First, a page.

#1 Myth – I can claim mileage traveled to/from work
Traveling to and from your regular place of employment is simply not deductible. But let’s look at what is. The Internal Revenue Service (IRS) will allow for travel back and forth for business related trips. For example, let’s say you are an attorney and you have meetings with clients throughout the day, the mileage traveled to and from these meetings are considered as deductible expenses. You have the option of taking actual cost or the standard mileage rate of .56 cents (2013) for each mile traveled.
However, if you have a second job and you traveled from your primary place of employment directly to a second job, your mileage traveled is considered a deductible expense. For example, you work at a university and also a night job at a community center. Your travel is considered a deductible expense. For more information, view IRS Publication 463.
#2 Myth – I can deduct my time donated to a nonprofit
I had to include this myth, because just this year alone, I was asked about this several times. But the IRS does not allow for a deduction for services provided to a nonprofit. For instance, if you are a chef and decide to donate your time to cook for homeless individuals at a local shelter, your time donated is not deductible. However, you may be able to deduct your mileage traveled to and from the nonprofit, payments made for food and supplies, or even amounts given to the organization.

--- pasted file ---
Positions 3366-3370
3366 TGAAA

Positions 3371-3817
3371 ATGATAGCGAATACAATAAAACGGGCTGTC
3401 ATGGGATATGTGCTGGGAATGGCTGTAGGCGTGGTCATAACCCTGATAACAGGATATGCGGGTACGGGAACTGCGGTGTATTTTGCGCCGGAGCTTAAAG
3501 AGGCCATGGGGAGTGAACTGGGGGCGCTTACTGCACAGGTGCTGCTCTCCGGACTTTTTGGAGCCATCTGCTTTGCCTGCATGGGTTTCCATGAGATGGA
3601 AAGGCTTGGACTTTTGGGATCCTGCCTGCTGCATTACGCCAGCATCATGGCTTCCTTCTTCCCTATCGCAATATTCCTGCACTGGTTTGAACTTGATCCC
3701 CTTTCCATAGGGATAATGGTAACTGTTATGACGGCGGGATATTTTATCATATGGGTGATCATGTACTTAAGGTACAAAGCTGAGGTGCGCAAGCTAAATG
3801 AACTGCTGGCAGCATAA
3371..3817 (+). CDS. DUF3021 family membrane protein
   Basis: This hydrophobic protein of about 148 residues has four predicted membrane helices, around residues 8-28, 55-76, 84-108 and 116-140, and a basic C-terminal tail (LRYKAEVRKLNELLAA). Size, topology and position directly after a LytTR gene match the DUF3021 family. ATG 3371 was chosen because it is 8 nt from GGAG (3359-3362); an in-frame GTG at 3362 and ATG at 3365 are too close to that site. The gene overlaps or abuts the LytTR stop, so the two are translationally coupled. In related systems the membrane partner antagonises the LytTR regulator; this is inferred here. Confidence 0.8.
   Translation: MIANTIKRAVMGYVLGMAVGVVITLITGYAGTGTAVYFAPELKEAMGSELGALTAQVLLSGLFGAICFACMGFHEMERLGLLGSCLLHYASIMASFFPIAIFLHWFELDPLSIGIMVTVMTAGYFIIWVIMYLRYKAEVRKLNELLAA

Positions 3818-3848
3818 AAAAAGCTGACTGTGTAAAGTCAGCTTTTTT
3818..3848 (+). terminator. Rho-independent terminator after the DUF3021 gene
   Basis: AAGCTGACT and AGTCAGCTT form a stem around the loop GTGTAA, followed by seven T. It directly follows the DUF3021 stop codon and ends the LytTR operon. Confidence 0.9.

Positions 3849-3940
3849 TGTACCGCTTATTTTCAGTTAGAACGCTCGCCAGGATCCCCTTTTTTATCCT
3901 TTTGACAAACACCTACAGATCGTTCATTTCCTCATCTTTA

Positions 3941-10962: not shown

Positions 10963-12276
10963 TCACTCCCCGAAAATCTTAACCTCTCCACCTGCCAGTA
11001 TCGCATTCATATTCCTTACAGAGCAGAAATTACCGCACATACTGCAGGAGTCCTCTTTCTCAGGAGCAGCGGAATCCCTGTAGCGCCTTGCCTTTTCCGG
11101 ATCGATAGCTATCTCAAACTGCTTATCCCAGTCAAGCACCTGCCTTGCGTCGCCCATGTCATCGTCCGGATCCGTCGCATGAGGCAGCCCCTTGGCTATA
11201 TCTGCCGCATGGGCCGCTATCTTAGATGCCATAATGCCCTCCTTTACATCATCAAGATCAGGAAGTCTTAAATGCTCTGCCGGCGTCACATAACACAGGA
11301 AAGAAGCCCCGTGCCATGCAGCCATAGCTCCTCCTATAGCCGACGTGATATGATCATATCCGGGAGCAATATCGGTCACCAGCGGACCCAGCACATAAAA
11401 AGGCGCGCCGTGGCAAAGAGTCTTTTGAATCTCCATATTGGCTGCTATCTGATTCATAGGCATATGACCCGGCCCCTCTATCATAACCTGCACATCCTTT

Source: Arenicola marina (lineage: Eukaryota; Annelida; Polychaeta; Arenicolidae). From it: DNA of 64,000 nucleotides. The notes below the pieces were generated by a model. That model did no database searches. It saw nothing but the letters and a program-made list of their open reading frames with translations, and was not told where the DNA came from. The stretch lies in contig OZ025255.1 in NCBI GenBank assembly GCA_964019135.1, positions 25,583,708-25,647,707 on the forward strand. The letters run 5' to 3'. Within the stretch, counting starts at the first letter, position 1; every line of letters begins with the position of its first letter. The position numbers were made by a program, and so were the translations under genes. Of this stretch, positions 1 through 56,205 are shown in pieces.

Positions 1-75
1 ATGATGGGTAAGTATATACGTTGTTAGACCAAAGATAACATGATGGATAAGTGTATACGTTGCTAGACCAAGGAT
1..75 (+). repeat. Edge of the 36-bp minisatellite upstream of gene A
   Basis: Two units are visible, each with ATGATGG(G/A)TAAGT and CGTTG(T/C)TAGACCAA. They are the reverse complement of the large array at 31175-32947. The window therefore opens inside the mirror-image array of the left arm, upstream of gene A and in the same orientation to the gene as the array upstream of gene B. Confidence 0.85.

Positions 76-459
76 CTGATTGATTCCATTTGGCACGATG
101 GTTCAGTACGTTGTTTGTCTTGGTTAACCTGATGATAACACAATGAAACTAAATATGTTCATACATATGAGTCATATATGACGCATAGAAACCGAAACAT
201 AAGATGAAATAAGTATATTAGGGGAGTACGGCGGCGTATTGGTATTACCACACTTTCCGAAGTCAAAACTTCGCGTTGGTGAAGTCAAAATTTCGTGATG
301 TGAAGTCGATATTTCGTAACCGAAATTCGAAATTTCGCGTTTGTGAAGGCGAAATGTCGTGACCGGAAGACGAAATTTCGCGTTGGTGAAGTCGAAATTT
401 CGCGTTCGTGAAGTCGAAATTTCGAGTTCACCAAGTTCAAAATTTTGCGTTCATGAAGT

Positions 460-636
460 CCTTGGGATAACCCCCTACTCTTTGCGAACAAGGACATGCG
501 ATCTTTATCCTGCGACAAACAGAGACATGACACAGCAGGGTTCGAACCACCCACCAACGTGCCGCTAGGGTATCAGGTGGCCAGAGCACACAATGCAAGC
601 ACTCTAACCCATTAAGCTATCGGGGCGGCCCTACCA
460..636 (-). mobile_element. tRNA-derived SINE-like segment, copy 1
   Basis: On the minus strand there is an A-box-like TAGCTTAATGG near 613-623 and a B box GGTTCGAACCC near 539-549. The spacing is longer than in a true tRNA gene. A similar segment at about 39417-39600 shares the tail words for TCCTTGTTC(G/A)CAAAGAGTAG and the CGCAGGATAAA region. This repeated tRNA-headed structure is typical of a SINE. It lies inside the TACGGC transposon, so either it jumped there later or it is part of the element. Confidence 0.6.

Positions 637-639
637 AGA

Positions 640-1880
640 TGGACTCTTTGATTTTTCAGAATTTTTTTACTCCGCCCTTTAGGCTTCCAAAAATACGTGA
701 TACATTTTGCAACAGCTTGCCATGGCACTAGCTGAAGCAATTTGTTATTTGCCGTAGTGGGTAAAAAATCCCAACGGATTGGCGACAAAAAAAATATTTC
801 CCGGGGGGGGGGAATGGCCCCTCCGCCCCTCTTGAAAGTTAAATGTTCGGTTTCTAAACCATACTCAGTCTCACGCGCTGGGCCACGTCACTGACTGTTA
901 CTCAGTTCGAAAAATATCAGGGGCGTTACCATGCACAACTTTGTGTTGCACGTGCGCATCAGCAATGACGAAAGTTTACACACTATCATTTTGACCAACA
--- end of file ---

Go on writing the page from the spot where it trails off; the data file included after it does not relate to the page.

#3 Myth – I can claim my work clothes as an deduction
This is also one of the biggest misconceptions. Many people think they are able to claim the cost of their clothing and cleaning expenses on the tax return. Now granted, in certain instances this cost may be deductible if the clothing meets two requirements. These requirements are (1) the clothes cannot be suitable for everyday wear and (2) it is a condition of employment.
However, it is not enough to say “I don’t wear these anywhere else!” It has to meet the requirements listed above to be deductible. For more information, visit Publication 529.
You received the letter many dread, the Internal Revenue Service (IRS) has requested to audit your tax return. It could be for many different reasons. Maybe your income on your tax return did not match the amount reported to the IRS or your expenses seem to be a bit questionable. If so, you could be the lucky winner of a full IRS audit. No matter what reason the IRS decides to come knocking, one thing is certain – you must be prepared. As a former IRS agent, I have had the opportunity to participate in a host of audits, and time and time again, the key to surviving these unwanted ordeals is to make certain you understand your rights and responsibilities. [Read more…]
Before you sign on the dotted line this tax season, there are many things to consider. Yes, it may be easy to bump up your deductions a couple of dollars here or there, but does it really pay to cheat on your taxes? The Bible warns us to pay unto Caesar what is due to him (Matthew 22:20-22). [Read more…]
While you have no control over when you will get a raise, you do have a little leeway when it comes to your take home pay. No matter if it has been years since you have seen a raise, there is something you can do about it. [Read more…]